Not really, there are some. More so hints to the original. Sam asked me why I didn’t put in this shot from his movie and stuff. But I have my pride as a director. There were some moments where we shot and it looked just like the original and I felt like I had no soul. But I didn’t put most of those in the cut, thank god Sam backed me up on those.



Did you feel any pressure?

I actually don’t feel any pressure. I could think about all the people who are going to hate it, but you have to not do that or it will be paralyzing.

Was doing all the practical effects challenging?

This was the worst thing I’ve ever done in my life. It was extremely difficult. It hurt, it was scary, and I just wanted to go home. So I really didn’t have to act that much.

Can you tell us about the necronomicon?

It’s not Mia who encounters the book. Our book looks different, but it opens the same door.

Have you seen the original?

I never saw the original until I got the part. I loved it when I did. I really loved it. I was really scared, I didn’t understand why people said it was funny. I loved the POV, which we kept in the film, but ours is very different.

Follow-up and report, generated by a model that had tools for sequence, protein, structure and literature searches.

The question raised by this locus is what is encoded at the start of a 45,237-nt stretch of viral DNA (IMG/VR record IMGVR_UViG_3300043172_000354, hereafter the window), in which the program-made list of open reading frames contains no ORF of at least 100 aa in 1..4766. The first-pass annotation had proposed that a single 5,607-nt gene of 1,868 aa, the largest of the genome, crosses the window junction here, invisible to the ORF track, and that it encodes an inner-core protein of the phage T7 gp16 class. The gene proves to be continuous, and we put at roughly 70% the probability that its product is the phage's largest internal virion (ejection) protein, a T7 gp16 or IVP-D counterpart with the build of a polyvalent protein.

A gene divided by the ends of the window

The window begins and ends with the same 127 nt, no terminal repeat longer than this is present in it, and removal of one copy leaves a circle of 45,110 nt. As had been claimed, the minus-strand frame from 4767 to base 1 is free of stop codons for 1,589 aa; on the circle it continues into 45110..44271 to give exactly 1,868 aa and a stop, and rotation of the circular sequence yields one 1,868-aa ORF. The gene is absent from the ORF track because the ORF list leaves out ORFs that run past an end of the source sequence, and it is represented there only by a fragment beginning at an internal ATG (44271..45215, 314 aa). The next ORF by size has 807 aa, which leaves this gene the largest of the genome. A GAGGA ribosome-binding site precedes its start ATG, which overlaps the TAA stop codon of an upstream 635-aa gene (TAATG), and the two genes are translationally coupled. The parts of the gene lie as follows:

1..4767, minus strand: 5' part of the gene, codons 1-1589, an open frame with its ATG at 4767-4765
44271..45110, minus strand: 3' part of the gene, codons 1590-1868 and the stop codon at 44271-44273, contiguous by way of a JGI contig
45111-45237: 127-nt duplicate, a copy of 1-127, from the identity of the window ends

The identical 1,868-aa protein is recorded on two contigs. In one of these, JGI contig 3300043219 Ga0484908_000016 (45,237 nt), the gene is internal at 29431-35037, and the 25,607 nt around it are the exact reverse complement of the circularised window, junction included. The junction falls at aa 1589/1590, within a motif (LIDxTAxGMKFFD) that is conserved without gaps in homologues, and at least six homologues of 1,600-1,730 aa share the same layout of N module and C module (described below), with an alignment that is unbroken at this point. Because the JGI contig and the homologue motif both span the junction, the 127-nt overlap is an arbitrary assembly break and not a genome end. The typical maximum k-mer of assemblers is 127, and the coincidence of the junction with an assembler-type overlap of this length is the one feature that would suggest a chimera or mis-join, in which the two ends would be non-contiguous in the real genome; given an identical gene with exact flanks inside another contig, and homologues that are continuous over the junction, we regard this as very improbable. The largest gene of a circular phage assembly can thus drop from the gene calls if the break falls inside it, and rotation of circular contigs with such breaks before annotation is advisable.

In my audition Bruce was there and he was like, “Do you know what it’s like to be buried alive? Do you know what it’s like to have a tube down your throat?”.

There are three main stages I go through in the film, all completely different, and one includes killing people. I got to be a badass, I’m not the one getting chopped up, I’m the one being pretty nasty. I don’t know if I ever want to do it again. I would work on another Evil Dead again, but I don’t know if I want to do another horror film.



How will fans react to a remake of the sacred Evil Dead?

Very well because we appreciate their anger and their zeal. They are very protective of this movie, but so are we. The original producers are making this movie, not some cigar chomping random producer. We’ve thought about it long and hard, we had to find the right filmmaker and thankfully we did. Fede had an agent at CAA, and Sam Raimi was one of his stops, and Fede was a big Evil Dead fan and one thing lead to another.